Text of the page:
In its decision, the District Court apparently relied on Ely v. Charellen Corporation, 5 Cir., 1941, 120 F.2d 984. As it develops, this case is the last word in this Court or from the Florida Courts dealing with the issue which, thirty-four years later, now makes its second appearance.
In Ely, the plaintiff registered at a Florida hotel. Jewelry was stolen from her room. At that time, as today, Florida law provided that a hotel was not liable for the loss of valuables unless deposited with the hotel management (Chapter 16042 Florida Acts, § 40 (1933), the forerunner of the present § 509.111). Also in effect at that time, as today, was a requirement that the hotel post notice of this and other rules, Chapter 16042 Florida Act, § 38 (1933). In Ely, as in the case sub judice, neither party complied with the statutes, in that the plaintiff left valuables in her room and the hotel had failed to post notice of its liability limitations.
The plaintiff argued that the hotel's obligation to post notice of the Act had to be met before the hotel could claim its benefits. This Court, in a one page opinion, held that because § 40 listed no exceptions, no liability would attach to the hotel proprietor for the loss of jewelry unless it was deposited with the hotel. We noted that § 40 provided that in no event would a hotel be liable for loss of goods not deposited with the hotel (emphasis ours). This same "in no event" language appears in the present statute. The statutes have been amended by the Florida legislature three times since Ely, always retaining the "in no event" phraseology which Ely held to be decisive regardless of whether the statutory notice had, or had not been, posted.
The outstanding, unreversed decision in Ely is binding on us.
In their brief, appellants state their position on this point as follows:
"As the plaintiffs had not yet deposited their valuables with the management at the time of the robbery, we have stipulated that if the statute applies to the facts of this case, and is constitutional, then the plaintiffs are barred from recovering for their loss of personal property. If, on the other hand, the statute does not apply, or is unconstitutional, then the defendants are strictly liable for plaintiffs' loss of personal property."
We are of the opinion that the statute does apply because it refers to any loss, which could apply to losses by robbery as well as from any other source. Accordingly, we cannot accept the argument that the statute applies only to items which guests have carelessly left in their rooms, subject to the possibility of theft.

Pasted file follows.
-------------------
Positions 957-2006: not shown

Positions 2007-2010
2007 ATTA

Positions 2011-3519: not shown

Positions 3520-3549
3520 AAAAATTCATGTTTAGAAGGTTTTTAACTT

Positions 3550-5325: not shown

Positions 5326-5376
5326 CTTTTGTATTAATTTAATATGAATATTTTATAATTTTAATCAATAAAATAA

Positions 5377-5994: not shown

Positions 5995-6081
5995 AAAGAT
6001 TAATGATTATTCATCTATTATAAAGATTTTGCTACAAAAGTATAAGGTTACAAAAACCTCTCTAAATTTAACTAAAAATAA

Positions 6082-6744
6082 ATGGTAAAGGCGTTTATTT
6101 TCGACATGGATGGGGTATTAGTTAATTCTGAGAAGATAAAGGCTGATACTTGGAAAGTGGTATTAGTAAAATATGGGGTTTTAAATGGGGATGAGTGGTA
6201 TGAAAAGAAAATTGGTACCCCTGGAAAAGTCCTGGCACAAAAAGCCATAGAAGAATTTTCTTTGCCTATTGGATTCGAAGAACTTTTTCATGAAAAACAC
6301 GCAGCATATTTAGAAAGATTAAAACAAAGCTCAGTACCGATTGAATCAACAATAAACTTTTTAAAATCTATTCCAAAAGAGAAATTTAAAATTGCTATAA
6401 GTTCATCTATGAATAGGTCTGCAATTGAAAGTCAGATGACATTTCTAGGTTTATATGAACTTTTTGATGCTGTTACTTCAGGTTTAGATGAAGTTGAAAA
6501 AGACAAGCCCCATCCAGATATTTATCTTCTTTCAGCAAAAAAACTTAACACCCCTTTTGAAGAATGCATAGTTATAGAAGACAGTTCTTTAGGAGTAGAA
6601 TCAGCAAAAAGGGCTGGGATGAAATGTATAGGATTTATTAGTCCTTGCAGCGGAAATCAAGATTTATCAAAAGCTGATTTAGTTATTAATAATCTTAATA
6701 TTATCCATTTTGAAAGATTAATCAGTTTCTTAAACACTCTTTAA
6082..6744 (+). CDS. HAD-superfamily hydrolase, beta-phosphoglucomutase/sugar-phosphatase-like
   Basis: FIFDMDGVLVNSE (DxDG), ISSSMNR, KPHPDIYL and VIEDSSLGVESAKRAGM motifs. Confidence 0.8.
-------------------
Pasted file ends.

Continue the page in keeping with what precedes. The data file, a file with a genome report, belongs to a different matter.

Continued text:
THis leaves only the constitutional argument.
Neither the pleadings nor the remainder of the appellate record explicitly indicate whether the Section 509.101 notice, in the form required in 1971, was posted, or not posted, by the hotel. The summary judgment, as would ordinarily be true in such instances, made no finding on this point. Summary judgments depend on the absence of any genuine issue of material fact.
The appellants say that a failure to post the notices would render Section 509.111 violative of both the federal and Florida Constitutions and further argue that posting the notice was an affirmative defense, hence a failure to post must be assumed on summary judgment because the posting was not pleaded or shown.
It is a fact, however, that the answer filed on behalf of the hotel stated "that the hotel has no responsibility at all for the personal property of the plaintiffs in accordance with Florida statute, § 509.111 which provides for the only conditions under which this defendant can be liable for personal property".
The plaintiffs did not counter this defense by motion to strike it for failure to post notices nor did it offer any proof by deposition or otherwise that the Section 509.101 notices had not been posted.
In a picture of the lobby, facing the elevators, (Appendix, p. 148) we note the following:
Between 11 p. m. and 7 a. m. registered guests only will be allowed to go up to the rooms."
This is followed by a statement of the Rule in Spanish.
So, at least some notices were posted.
In this state of the record we do not believe that the ends of justice would be served by our indulging in a factual assumption as to whether the statutory notice was, or was not posted. Moreover, the constitutional issues now raised were not submitted to (and thus not decided by) the District Court.
We vacate the judgment of the District Court insofar as it involved the alleged property loss. In that respect, we remand the case for its consideration of and judgment on the following points:
1. Were the statutory notices posted?
2. If not posted, does the interpretation rendered in Ely v. Charellen Corporation, supra, render the statute invalid under either the state or federal constitutions?
3. For such further proceedings as the resolution of these questions may make appropriate.
The judgment of the District Court denying recovery for personal injuries allegedly caused by mental distress is affirmed.